* Celgene extends cancer drug exclusivity deal with Agios
* Agrees to pay $20 mln for one-year extension
* Agreement covers cancer metabolism drugs
By Toni Clarke
Oct 5 Celgene Corp (CELG.O) has agreed to pay
$20 million to extend an exclusive partnership with private
drugmaker Agios Pharmaceuticals to develop a novel class of
Celgene, a leading maker of drugs to treat blood cancers,
has been expanding into solid tumors. Agios, which was formed
in 2008, is developing drugs that interfere with the ability of
cancer cells to feed themselves.
The agreement extends by one year the terms of a three-year
exclusivity deal signed by the two companies in April 2010.
Cambridge, Massachusetts-based Agios said Celgene has the
ability to extend the exclusive collaboration further in
Agios is working on a new approach to treating cancer --
targeting altered metabolic enzymes that feed cancer cells.
"We know that cancers need two to four hundred times more
nutrients than normal cells," David Schenkein, Agios's chief
executive officer, said in an interview. "They need to build
biomass quickly so they've rewired their enzymes to feed their
Schenkein was formerly senior vice president of clinical
hematology/oncology at Genentech, a leading cancer drug maker
that is now a unit of Roche Holding AG ROG.VX.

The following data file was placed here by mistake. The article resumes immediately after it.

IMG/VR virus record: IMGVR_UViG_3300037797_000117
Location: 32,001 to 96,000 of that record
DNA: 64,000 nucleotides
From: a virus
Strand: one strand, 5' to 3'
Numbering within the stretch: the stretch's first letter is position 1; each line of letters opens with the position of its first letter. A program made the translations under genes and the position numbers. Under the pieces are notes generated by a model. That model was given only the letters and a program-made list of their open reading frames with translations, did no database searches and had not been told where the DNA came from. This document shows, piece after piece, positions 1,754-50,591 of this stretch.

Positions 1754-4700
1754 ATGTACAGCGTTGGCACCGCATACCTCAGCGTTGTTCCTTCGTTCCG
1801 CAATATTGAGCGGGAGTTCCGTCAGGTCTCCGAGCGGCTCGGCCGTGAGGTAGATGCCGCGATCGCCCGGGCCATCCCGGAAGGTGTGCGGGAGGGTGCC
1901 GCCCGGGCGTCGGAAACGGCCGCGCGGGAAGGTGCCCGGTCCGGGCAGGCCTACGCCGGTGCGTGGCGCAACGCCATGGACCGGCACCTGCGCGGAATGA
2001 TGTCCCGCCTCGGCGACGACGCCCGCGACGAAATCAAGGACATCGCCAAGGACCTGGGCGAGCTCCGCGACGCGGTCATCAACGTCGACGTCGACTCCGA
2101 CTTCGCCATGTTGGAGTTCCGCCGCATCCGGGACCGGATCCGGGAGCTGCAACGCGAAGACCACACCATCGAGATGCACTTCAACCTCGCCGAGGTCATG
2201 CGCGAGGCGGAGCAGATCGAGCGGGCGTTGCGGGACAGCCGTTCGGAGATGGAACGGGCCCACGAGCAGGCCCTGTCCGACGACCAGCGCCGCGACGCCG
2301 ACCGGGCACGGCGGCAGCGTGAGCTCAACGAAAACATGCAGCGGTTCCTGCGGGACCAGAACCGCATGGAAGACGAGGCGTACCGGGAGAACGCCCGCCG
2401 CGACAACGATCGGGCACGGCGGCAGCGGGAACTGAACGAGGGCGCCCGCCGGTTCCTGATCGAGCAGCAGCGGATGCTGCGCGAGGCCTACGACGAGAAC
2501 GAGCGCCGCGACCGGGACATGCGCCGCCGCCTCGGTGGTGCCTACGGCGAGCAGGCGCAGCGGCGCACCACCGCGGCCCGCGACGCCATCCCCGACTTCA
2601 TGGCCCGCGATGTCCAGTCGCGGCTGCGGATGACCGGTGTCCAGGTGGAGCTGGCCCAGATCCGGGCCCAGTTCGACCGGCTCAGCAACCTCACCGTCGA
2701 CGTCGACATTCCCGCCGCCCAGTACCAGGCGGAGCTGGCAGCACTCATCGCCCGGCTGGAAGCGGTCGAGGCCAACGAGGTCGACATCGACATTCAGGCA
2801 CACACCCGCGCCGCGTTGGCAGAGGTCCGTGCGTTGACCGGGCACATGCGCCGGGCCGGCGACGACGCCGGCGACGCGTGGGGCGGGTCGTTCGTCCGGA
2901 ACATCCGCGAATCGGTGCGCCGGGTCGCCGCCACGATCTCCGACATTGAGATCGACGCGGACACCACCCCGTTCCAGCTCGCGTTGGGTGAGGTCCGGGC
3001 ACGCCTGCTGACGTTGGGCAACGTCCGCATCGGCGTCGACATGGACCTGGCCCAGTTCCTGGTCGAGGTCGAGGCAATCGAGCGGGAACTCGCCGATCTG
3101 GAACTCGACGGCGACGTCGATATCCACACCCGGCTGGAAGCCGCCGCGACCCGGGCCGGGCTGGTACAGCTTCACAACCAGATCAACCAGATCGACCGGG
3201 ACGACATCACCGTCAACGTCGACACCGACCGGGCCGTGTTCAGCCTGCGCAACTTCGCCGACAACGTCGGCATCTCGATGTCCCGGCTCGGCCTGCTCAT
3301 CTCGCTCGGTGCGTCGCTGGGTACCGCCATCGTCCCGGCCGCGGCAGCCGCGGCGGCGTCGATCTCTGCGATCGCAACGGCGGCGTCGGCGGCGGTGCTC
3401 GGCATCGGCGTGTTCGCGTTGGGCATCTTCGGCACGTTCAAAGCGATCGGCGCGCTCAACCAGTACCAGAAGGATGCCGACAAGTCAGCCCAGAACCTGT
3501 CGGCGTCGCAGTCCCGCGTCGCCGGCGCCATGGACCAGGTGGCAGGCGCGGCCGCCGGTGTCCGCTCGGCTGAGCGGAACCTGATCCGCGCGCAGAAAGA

"We see cancer metabolism as an exciting new field of
development," Schenkein said. "Where we've demonstrated the
most progress is identifying targets, validating them and
creating small molecules to hit those targets."
Summit, New Jersey-based Celgene decided to extend the
exclusivity period because it has been impressed by the first
18 months of the collaboration, said Dr. Thomas Daniel,
Celgene's president of research.
Under the terms of the original agreement, Agios received a
$130 million upfront payment, including an equity investment.
Celgene has an exclusive option to license any promising drug
candidates at the end of clinical testing in a Phase I trial.
Daniel said Celgene is interested, among other targets, in
the IDH1 enzyme, shown to play a role in cancer formation,
through altered metabolic activity.
"IDH1 is an enzyme that's important in metabolizing
glucose, and mutant forms generate an unusual metabolic side
product which accumulates in very high levels in cancer
patients," said Daniel.
As the field has evolved, Daniel said there is evidence of
the importance of the IDH1 target beyond acute myelogenous
leukemia, where it was discovered, but is also important in
Celgene decided to extend the exclusivity period nearly two
years before the preset deadline, which Schenkein said was in
(Reporting by Toni Clarke in Boston; Editing by Steve